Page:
The Silicon Valley Voice

Power To Your Voice

The Farmer in the Deli

I understand.

Every week, you anxiously await the high quality advice this column provides on how to succeed at your job.

Well, not today. Not yet, anyway.

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Today, we’re first going to talk about my job! Not my job as a highly paid, hugely popular columnist, but my real job. That’s right. I am not the stylish sophisticate you think I am. What I am is a farmer.

Yup. I was once a hard-charger, hobnobbing with big-city swells and making a Wall Street megasalary. But to live my dream of getting back to the land, I gave it all up. (Well, most of it. I still have the $3 gift certificate to Dunkin’ Donuts that comprised my golden parachute, and a laser pointer I filched from the CFO’s desk. It drives the chickens crazy!)

Yup, I have chickens. And pigs. And llamas. And ducks. (Ask anyone — ducks are the new chickens.)

Yup, I hoped off the treadmill and now live off the land. I no longer punch a time clock, though I do occasionally have to arm wrestle a cow. Am I happy?

That’s another story. It’s D.K.’s story, in fact.

“D.K.” are the initials of a woman who recently sent a heartfelt question to the Workologist column in The New York Times.

“My husband I work in high-paying jobs in the tech field, in New York City,” she wrote. “We are exhausted by our jobs. So we want to take the drastic step of moving upstate to a small town near the Catskills, and abandoning our corporate careers.”

“How can we predictably make this decision,” D.K. asks, “not knowing how the transition will work out?”

It’s a good question and, as usual, the Workologist completely blows it. “Quitting any job entails the seductive idea of a clean break,” he responds. “It’s such a lovely fantasy that you hate to cloud it with, you know, hard thinking and gritty research.”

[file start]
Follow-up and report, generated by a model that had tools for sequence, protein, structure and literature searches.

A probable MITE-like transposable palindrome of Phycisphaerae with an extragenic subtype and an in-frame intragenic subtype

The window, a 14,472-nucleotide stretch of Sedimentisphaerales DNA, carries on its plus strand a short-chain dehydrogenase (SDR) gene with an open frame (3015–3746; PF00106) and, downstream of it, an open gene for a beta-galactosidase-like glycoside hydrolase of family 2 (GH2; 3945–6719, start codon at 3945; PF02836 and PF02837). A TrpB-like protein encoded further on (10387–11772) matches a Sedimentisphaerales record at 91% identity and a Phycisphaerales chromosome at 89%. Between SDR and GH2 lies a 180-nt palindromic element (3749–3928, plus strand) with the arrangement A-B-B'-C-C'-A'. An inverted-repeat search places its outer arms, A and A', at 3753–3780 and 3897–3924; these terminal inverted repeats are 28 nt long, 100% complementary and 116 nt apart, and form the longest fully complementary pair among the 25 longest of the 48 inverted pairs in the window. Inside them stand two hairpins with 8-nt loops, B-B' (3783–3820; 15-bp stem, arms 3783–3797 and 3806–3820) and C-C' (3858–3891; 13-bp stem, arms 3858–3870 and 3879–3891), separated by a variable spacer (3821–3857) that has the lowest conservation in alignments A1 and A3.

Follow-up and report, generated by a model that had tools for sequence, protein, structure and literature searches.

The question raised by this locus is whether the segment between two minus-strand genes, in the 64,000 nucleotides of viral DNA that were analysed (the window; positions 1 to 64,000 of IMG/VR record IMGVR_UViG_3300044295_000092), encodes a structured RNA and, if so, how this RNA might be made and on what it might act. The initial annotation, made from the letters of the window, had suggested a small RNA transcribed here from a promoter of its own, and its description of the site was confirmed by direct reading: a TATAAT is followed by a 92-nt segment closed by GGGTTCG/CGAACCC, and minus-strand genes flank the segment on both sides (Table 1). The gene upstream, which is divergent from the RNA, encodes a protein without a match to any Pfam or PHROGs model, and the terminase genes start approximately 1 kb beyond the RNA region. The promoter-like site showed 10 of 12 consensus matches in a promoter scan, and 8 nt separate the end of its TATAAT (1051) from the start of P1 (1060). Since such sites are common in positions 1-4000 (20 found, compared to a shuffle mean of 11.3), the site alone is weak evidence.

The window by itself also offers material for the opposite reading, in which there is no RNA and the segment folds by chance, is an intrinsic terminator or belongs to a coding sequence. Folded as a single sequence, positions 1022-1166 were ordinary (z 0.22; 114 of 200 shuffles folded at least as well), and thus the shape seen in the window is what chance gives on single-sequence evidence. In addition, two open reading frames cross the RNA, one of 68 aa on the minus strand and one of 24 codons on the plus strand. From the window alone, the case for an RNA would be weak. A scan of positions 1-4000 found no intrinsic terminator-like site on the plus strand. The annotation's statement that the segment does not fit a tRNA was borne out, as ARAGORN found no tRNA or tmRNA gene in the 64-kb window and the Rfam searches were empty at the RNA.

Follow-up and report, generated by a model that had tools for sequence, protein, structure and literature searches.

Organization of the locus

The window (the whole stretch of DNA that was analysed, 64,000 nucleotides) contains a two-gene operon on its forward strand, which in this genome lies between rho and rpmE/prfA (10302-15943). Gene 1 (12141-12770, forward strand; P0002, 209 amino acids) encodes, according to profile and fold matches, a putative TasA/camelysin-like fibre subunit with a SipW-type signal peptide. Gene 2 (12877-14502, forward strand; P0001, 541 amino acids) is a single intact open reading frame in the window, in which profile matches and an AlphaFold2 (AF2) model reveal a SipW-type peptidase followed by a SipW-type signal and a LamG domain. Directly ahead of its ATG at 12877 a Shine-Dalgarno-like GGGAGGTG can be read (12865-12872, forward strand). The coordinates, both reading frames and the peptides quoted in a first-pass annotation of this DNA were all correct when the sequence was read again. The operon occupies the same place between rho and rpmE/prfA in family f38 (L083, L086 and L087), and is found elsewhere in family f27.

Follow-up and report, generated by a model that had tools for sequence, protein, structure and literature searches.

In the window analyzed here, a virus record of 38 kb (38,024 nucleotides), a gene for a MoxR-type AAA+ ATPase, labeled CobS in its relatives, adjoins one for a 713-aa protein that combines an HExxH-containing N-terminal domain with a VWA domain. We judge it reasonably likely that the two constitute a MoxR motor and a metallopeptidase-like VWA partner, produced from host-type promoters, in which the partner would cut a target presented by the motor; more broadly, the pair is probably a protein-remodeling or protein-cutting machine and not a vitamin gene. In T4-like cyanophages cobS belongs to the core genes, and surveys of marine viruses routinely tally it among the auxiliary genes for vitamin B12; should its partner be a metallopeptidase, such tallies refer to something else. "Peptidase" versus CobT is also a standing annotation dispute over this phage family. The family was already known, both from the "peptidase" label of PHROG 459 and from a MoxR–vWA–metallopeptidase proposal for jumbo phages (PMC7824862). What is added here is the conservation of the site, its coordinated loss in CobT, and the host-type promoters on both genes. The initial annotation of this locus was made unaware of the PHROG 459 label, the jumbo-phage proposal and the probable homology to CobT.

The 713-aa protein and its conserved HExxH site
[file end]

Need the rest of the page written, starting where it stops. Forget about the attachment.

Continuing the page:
The snarky spoilsport continues to throw cold water on the dream. “I hate it when people say, ‘We’re just going to take a leap of faith,” he writes, quoting Jon Acuff, the author of “Do Over: Make Today the First Day of Your New Career.” “Because that usually means: ‘We have no strategy.'”

Strategy? If you want to mess around with strategy, you might as well stay in your current job. The entire purpose of dropping out of the working world is to forget about strategies or long-term planning or common sense. After a lifetime of making smart, thoughtful career decisions, what you want — what you need — is a big helping of crazy.

If you are like D.K. and want to transform from a city mouse into a country mouse, the recommended “strategy” involves spending time — “weekends, at least” — in the targeted smaller community.

Great idea, Workologist! Spending a weekend munching freshly baked scones in a charming B&B is exactly the same as mucking out the pigpen and rototilling the arugula.

Besides, you can practice rural life at your current job. Demote those workplace-casual duds from Banana Republic to the nether regions of your closet. Get yourself some denim bibbies from the Seed & Feed. Get rid of your Aeron chair and sit on a bale of hay. Cover the floor of your cubical with compost and put in a cover crop of winter rye. It really puts the nitrogen back into the carpet.

If you can’t pull free from your current corporate gig, the Workologist points out that telecommuting has become much more common. You may be able to continue your work from a more rustic setting. Or, in your case, continue your lack of work.

There are certain employees whose absence would be noticed immediately, but someone who does as little as you could easily have one or two years of continued salary before anyone realizes you were gone.

In his final attempt to defend the status quo, D.K. is ordered to “take a hard look at why you want to take this step.”

“Is it possible,” the killjoy Workologist asks, “that simply finding more rewarding jobs where you are would address a lot of your frustrations?”

Yup, it is possible, but then you would never hear the sound of the rooster waking you at dawn, or experience the surprise of learning that pickleworms have eaten your entire kale crop, or feel the joy of having a llama crawl into your bed to cuddle.

Be careful with those llamas, by the way. They take all the covers.

Bob Goldman was an advertising executive at a Fortune 500 company, but he finally wised up and opened Bob Goldman Financial Planning in Sausalito, California. He now works out of Bellingham, Washington. He offers a virtual shoulder to cry on at bob@bgplanning.com.

SPONSORED
Kaiser Permanente

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